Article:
Onoclea sensibilis Sensitive fern bead fern

Epithet refers to the "sensitive" sterile fronds which turn yellow and die down at the first frost.

Deciduous, 2 to 3 ft. (60 to 90 cm). Zones 2 to 10. Dimorphic.

description: The woody blackish-brown rhizome, partially submerged or skimming the soil's surface, is long-creeping and branching, producing fronds at frequent intervals. The stipe is one-half of the frond length. The triangular, papery-textured sterile blade is once-pinnate with a stalked basal pinnae pair and upper pinnae becoming variably lobed and pin-natifid toward the apex. The fertile fronds of about 15 in. (38

cm) appear in late summer and carry spores in a series of green beadlike attachments that turn dark brown and woody as they mature. The encased spores are released in late winter or spring (or when induced by an early harvest into a warm room). Like the spores of its close relative Matteuccia, Onoclea spores are green and should be sown promptly. Onoclea is impressively cold hardy although burdened by the name "sensitive fern."

range and habitat: This species is native to North America east of the Great Plains states and covers wide areas especially in wetlands, but also along roadsides and in woodlands. it was supposedly the first fern introduced to Britain from North America, in 1699. Not surprisingly it has escaped.

culture and comments: Sensitive fern is so ready-to-grow that eastern U.S. gardeners often reference it condescendingly. (When I first started studying ferns, my father, then a New Hampshire resident, offered to send me a trainload of plants [read weeds]. Since he did not know his ferns, I never did discover whether he meant Onoclea or Dennstaedtia.) In cultivation Onoclea should be kept watered but otherwise adjusts easily and happily to all soil types and exposures from cold to warm climates. The unfernlike "seed heads" of the fertile fronds are popular and welcomed as long-lasting additions for dried flower arrangements. (Let the spores shed first, before spreading joy on the table.)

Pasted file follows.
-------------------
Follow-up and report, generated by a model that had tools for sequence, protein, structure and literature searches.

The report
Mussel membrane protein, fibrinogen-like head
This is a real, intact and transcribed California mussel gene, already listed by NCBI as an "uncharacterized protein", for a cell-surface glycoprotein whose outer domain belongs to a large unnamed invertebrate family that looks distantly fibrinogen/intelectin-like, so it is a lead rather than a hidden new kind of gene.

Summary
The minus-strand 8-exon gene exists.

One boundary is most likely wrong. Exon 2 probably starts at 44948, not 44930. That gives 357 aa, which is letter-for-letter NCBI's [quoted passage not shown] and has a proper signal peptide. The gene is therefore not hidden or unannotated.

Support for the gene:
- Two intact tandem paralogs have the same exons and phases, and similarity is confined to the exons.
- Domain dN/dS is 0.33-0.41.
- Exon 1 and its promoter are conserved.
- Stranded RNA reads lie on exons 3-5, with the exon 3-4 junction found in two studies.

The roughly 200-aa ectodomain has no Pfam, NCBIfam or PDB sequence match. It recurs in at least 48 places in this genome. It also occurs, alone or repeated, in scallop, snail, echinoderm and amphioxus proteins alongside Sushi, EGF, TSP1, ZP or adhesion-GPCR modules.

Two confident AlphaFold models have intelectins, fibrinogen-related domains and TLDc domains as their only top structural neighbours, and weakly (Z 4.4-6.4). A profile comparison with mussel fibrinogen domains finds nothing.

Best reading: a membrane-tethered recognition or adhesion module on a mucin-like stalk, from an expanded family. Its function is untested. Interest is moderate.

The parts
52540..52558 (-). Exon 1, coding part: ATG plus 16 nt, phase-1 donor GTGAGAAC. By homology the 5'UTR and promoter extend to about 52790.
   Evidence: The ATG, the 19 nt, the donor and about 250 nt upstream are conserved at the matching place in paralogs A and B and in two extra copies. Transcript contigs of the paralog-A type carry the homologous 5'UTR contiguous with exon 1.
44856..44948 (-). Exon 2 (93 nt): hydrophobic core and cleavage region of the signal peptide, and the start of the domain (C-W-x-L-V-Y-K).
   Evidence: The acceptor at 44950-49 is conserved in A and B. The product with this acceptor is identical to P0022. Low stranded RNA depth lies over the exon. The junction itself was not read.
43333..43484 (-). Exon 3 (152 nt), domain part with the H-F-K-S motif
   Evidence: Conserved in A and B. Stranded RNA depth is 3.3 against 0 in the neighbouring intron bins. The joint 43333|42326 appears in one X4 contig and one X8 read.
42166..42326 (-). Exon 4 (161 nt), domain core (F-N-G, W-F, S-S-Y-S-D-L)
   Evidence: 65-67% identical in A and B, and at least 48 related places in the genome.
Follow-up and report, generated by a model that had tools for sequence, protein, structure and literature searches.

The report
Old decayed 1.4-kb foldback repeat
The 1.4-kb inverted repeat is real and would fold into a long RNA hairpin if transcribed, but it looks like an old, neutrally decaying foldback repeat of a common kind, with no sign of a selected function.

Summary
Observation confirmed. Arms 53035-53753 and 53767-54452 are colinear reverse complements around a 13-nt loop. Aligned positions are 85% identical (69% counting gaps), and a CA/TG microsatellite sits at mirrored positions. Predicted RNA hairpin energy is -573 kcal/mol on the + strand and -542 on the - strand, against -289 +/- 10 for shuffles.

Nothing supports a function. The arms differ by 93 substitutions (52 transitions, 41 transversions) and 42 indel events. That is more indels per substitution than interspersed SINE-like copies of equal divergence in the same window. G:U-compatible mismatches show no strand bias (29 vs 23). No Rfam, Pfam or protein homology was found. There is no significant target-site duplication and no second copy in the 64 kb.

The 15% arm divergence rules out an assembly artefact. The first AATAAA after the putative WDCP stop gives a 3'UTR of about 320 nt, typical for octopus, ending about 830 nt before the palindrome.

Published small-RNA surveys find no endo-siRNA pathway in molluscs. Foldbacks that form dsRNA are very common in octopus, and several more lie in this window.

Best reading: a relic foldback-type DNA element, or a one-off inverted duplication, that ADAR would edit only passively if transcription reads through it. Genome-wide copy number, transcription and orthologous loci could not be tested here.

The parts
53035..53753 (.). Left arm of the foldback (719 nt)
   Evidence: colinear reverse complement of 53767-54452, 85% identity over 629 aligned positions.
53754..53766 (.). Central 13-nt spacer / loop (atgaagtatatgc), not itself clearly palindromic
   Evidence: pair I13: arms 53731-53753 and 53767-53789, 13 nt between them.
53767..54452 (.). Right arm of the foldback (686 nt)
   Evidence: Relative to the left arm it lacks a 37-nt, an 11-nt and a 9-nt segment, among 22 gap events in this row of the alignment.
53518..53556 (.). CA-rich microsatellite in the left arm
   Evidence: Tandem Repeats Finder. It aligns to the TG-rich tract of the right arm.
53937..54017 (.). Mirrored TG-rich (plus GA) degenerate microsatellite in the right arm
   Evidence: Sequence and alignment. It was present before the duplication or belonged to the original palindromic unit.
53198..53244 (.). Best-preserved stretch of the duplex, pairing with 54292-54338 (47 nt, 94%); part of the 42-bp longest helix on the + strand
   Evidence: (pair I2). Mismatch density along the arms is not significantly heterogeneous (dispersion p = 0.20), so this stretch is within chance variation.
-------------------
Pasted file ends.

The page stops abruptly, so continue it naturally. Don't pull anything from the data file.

A handsome form with transient but strikingly reddish new growth and persistent red stipes is a personal favorite and is a worthy addition to any garden's fernery. If need be both types adapt to container planting which will accomplish precisely what the name implies, containment.

The ephemeral rosy silver hues on the red-stemmed form of Onoclea sensibilis.

Fresh spring fronds join the overwintering fertile fronds on Onoclea sensibilis in the Bellevue Botanical Garden.

The ephemeral rosy silver hues on the red-stemmed form of Onoclea sensibilis.

Onychium japonicum just above a clump of Begonia heracleifolia and just below tufts of that ridiculously skinny fern, Nephrolepis cordifolia 'Duffii', on steep terrain with a natural waterfall in the background. Photo by George Schenk.

European specialists are growing a charming but difficult dwarf selection,'Nana', which has diminutive fronds ranging from 2 to 5 in. (5 to 13 cm) and offers potential as a hardy and handsome petite ground cover. Like so many interesting and rare plants it was introduced to cultivation by the late Zdenek Seibert of the Czech Republic.

The slightly different var. interrupta occurs in the colder areas of Japan, Korea, Manchuria, and eastern Russia.

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